UTICA, N.Y. (WUTR/WFXV/WPNY-TV) —When watching a weather forecast, you’ve probably seen meteorologists show a giant “L” or “H” on maps. Meteorologists use these letters to refer to high and low pressure systems. How much air is around us might not seem like a big deal but it’s much more impactful than you might think. In fact, pressure caused by all of the gases in our atmosphere stacked on top of each other creates a weight equivalent to about 14.7 pounds pressing on every inch of our body. Though there’s much more to discover with pressure that makes it truly extraordinary.
Since highs have a higher pressure than their surroundings, they push air away from them. This is because in a region of higher pressure, there is more air packed into one spot and that air naturally wants to be pushed back out. One way to think of this is like squeezing a sponge. You compress it into one small spot in your hand but when you let go it expands back to its original size. The sponge doesn’t want to stay compressed. Highs also spin clockwise in the Northern Hemisphere and bring us pleasant, sunny, and calm weather.
Low pressure systems on the other hand bring us unpleasant weather like cloudy skies and rain because they have less air than their surroundings so to balance out, they suck air in which rises, creating storms. They spin counterclockwise in the Northern Hemisphere.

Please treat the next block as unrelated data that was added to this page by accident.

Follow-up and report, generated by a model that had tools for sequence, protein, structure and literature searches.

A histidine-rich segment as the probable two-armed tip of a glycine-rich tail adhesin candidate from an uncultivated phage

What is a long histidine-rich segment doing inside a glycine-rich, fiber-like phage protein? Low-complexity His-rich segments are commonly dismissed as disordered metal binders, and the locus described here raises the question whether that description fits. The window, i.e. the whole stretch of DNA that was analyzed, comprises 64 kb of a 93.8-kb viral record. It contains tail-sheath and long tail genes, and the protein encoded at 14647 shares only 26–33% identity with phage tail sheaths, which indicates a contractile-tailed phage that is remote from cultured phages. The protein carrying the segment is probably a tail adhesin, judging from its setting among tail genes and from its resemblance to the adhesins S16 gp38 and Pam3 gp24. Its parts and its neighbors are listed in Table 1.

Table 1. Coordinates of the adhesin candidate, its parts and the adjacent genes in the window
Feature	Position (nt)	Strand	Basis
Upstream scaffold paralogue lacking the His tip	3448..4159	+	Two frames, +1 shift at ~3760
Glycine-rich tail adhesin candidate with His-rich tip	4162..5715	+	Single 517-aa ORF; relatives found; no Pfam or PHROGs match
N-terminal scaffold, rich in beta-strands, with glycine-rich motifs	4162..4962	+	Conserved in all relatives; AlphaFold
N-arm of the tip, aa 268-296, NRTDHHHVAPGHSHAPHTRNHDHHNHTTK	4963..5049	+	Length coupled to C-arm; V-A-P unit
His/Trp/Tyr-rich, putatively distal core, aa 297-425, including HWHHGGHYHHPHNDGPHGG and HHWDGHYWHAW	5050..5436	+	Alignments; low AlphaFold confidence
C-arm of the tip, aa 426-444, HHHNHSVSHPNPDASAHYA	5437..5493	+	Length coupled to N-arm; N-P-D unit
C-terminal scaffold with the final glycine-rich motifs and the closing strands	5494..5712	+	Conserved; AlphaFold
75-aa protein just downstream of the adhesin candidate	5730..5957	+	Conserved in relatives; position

Now that we know what highs and lows are, how long do they live? Well in our atmosphere, pressure wants to equalize to a stable and neutral state just like a sponge wants to expand back to its original shape after being squeezed in your hand. Eventually, high and low pressure systems will start to weaken and the pressure will balance out, which is why we don’t have storms or sunny weather that lasts forever.
There are areas however where semi permanent pressure systems exist like the Bermuda/Azores High which resides over the North Atlantic Ocean. This high is of particular importance during hurricane season when it is at its strongest and can influence storm tracks along the east coast of the United States. The Icelandic Low is a semi permanent low pressure also in the North Atlantic Ocean centered over Iceland and southern Greenland. During winter and spring it is a dominating weather feature in the area though it weakens in the summer and fall.